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Discussion Starter · #1 ·
These cichlids came with my new tank. I was told they were cobalt zebras. At first they were all greyish blue fry. Then about a month ago they developed stripes. I was having some ammonia spikes, so assumed stress was the cause, but the stripes have stuck around, so then I assumed they were bb. But now two are clearly yellow and three are blue with black stripes and yellow on the tips of their fins. At this point they're 2-2.5" each. There's no chance these are actually cobalt zebras right? Could they be anything other than hybrids? If they're hybrids, any idea of what? I'd like to keep them in my tank and just not save their fry, but to do that I need an idea of what species to avoid to prevent them from breeding with my purebreds.

Currently I'm considering having:
Yellow tail aceis
Jalo Reef Afras or another Afra
Giant Demasoni

Would these species be unlikely to hybridize with my hybrids or each other? What are some other species I should consider? My tank is a 125, and I'd like to aim for 1 male and 3-4 females of each species.

I also have 6 yellow lab / red zebras hybrids that I'm also hoping to keep without saving fry. They were my first cichlids, and I bought them as yellow labs from a lfs, but they're awfully orange and the females don't have the black stripe on the dorsal fin.

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No chance they are Cobalts.
Just all hybrids, not sure how many actual fish are in the 4 pics. Yellow Lab traits, doubt they will ever get more colorful. Since they are likely cross genera hybrids, they are very likely willing to hybridize with many different Mbuna.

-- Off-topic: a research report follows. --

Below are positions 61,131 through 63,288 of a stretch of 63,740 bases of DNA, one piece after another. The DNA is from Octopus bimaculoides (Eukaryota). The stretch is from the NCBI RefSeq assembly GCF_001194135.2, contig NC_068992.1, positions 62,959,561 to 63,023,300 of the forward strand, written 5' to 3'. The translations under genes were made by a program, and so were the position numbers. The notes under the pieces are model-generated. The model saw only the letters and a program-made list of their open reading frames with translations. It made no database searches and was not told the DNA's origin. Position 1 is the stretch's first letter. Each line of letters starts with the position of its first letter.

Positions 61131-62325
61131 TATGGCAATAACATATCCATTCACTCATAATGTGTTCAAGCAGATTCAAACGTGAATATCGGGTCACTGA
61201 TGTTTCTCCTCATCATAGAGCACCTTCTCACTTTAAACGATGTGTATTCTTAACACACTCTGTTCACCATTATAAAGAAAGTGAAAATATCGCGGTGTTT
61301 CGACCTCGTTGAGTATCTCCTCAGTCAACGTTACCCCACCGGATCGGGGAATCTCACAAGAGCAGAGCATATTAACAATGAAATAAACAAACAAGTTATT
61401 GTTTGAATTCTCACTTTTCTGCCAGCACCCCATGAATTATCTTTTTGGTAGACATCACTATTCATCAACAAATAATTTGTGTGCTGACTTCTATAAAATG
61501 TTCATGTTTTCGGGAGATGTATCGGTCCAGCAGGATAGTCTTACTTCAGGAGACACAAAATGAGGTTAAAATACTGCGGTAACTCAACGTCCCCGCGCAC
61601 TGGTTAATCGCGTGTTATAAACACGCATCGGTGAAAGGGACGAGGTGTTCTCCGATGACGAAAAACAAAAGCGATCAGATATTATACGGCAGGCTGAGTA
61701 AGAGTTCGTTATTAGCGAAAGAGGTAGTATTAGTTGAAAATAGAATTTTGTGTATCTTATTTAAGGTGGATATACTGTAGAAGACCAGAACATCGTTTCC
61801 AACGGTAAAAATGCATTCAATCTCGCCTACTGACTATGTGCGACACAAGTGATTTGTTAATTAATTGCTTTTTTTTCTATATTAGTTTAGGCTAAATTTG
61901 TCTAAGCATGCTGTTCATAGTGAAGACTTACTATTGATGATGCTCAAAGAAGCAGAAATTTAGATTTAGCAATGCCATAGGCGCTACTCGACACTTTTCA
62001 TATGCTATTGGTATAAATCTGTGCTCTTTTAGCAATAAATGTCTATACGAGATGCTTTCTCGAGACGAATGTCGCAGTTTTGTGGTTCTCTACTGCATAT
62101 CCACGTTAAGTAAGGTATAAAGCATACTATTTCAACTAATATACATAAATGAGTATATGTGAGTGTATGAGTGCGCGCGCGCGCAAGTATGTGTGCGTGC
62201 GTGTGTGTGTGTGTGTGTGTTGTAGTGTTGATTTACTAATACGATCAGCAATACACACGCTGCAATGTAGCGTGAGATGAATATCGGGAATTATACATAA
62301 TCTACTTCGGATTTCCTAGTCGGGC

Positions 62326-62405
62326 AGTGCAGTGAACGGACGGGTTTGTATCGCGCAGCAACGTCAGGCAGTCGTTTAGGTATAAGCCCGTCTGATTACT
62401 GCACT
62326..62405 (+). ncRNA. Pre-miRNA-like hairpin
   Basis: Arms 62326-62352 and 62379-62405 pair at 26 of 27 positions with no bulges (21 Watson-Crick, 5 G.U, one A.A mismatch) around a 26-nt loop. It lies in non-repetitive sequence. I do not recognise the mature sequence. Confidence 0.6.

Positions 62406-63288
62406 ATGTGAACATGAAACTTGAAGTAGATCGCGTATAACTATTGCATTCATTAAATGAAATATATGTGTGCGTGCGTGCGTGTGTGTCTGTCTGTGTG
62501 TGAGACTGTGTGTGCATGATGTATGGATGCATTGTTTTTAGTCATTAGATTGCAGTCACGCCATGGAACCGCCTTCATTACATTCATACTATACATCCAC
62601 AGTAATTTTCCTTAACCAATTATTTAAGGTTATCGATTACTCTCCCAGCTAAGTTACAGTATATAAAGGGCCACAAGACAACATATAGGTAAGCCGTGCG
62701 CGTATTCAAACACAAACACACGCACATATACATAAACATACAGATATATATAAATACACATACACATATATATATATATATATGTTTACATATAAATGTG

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Discussion Starter · #3 ·
So they're at least for sure not kenyis? My biggest fear is probably that they're kenyis. I believe I have each fish pictured once. I like them well enough as they are, assuming they aren't something as aggressive as kenyis. Currently I'm considering pulling the males and starting a male only tank. Then I'd keep the females in my main tank and just not rescue any babies they happen to have.
 

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Hybrids tend to be more aggressive than their pure species counterparts...so they COULD be as aggressive as kenyi even if they are not kenyi.

All male mbuna is a challenging tank.
 

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mikkicvp said:
So they're at least for sure not kenyis? My biggest fear is probably that they're kenyis. I believe I have each fish pictured once. I like them well enough as they are, assuming they aren't something as aggressive as kenyis. Currently I'm considering pulling the males and starting a male only tank. Then I'd keep the females in my main tank and just not rescue any babies they happen to have.
They are not full breed Kenyis. I guess they could be part Kenyi.
 
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